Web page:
May 2010 brought a new adventure that we hope will be an annual event: “duck” hunting. No, not the kind that fly and quack, the kind that burrow three feet deep in the intertidal zone. I’m talking about geoducks; the world’s largest burrowing clam! Geoducks are only found in the Pacific Northwest and they make up the largest biomass in Puget Sound. That means if you were to put every type of living creature found in Puget Sound in it’s own pile, the geoduck pile would be the largest (by far!) We’d never tasted one, and had only seen the offensive looking creatures at the Pike Place Market, but we’d heard they were tasty and we thought we were up for the challenge.
Geoducks can only be dug at the lowest tides of the year. We checked the tide charts and decided on a weekend in May. Luck was on our side because it was the ONLY nice weekend in May this year. We loaded up our canoe with our friends in Olympia (hi Adria and Andy!) and headed out to an island for the weekend in hopes of finding some geoducks. We learned a lot that weekend. We learned the difference between a piddock, a horse clam and a geoduck (piddocks and horse clams are not what you’re looking for). We learned that hunting this mega-clam is challenging!!!! (It helps to have a tenacious attitude and a long reach.) And we learned that geoducks are delicious.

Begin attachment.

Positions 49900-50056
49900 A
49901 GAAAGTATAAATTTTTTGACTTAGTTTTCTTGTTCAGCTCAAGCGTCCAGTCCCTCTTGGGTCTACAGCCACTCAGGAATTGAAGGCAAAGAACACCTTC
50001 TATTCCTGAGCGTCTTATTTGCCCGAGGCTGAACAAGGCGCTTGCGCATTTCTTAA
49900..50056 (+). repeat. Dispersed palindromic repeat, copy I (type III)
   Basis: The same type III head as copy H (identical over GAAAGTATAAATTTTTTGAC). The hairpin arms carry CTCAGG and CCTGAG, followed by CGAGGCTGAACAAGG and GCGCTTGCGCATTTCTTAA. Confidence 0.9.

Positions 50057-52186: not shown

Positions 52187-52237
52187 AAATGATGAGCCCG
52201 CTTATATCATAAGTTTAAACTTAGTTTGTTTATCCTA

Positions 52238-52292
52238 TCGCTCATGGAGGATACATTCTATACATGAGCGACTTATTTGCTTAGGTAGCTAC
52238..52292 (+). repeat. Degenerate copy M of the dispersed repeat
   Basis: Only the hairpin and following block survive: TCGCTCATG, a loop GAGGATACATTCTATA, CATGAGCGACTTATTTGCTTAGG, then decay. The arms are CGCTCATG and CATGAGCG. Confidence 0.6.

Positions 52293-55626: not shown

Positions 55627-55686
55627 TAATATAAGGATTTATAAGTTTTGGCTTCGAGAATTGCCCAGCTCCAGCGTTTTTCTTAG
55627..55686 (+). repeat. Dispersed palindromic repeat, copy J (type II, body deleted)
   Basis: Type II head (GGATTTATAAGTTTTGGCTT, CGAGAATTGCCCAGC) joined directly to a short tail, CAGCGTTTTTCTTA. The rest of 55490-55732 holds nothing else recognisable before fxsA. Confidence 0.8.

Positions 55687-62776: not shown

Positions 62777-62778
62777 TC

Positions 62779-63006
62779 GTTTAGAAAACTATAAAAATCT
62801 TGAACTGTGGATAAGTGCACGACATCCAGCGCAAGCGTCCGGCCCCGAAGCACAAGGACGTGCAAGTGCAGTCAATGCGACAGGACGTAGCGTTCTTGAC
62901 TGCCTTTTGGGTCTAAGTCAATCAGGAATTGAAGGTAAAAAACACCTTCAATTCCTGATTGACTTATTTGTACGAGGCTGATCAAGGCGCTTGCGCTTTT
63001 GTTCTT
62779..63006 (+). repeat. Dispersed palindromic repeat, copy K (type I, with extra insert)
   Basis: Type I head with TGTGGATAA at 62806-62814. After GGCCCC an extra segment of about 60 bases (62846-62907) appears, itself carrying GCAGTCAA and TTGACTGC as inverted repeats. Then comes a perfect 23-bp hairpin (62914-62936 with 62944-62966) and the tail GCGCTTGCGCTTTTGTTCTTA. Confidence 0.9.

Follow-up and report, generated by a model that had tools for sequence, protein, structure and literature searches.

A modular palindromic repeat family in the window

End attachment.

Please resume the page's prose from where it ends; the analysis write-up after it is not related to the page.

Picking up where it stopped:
That last lesson wasn’t fully realized until we made geoduck chowder. Sure, we’d fried up some clams that weekend in May and made some fresh geoduck cevichi based on this recipe, but it wasn’t until we tasted the geoduck chowder that we realized what a special clam we had. This was hands-down the best chowder we have ever tasted. The flavor is almost sweet the way scallops or oysters are and because we processed them late that Sunday night in May, they were tenderized and frozen in ziplock bags waiting for us in the freezer.
We based our recipe on one for razor clam chowder we found here. It turned out so good we made it again for Christmas Eve. Everyone around the table loved it, including my 86 year old grandma (hi Mimi!) who didn’t think she liked geoduck (though she had never tried it.) Hope you’ll be inspired to try this clam someday too.
- 2 cups chopped geoduck (dug near Olympia, WA)
- 4-5 strips of thick, quality bacon, diced (Hemplers – Ferndale, WA)
- 1 large onion (WA, organic)
- 2-3 cups peeled and cubed potato (backyard)
- 3 tbsp butter (Golden Glen Creamery – Bow, WA)
- 3 tbsp flour (Stone-Buhr, WA)
- 1 quart chicken stock (homemade-freezer)
- 1 1/4 C. heavy cream (Golden Glen Creamery – Bow, WA)
- 3/4 C. milk (Golden Glen Creamery – Bow, WA)
- 6 sprigs fresh thyme (backyard)
- salt and pepper to taste
Sauté bacon in heavy pot, then remove with slotted spoon. Sauté onions 1 minute in bacon fat, add potatoes and cook 10-15 minutes, stirring occasionally. Remove onion-potato mixture for later use. Melt butter and mix in flour to make roux. After the flour begins to brown slowly add stock over medium heat, stirring constantly. Return onions and potatoes and simmer until potatoes are tender. Add thyme and seasonings. Slowly add cream and milk. Add clams and cook over low heat for a couple minutes immediately before serving. Serve piping hot with good bread.
Melvin and Gertrude, our geoduck Snooter-doots went to a friends house the night we made chowder. To them, it was as if nothing happened. It’s probably better that way. 🙂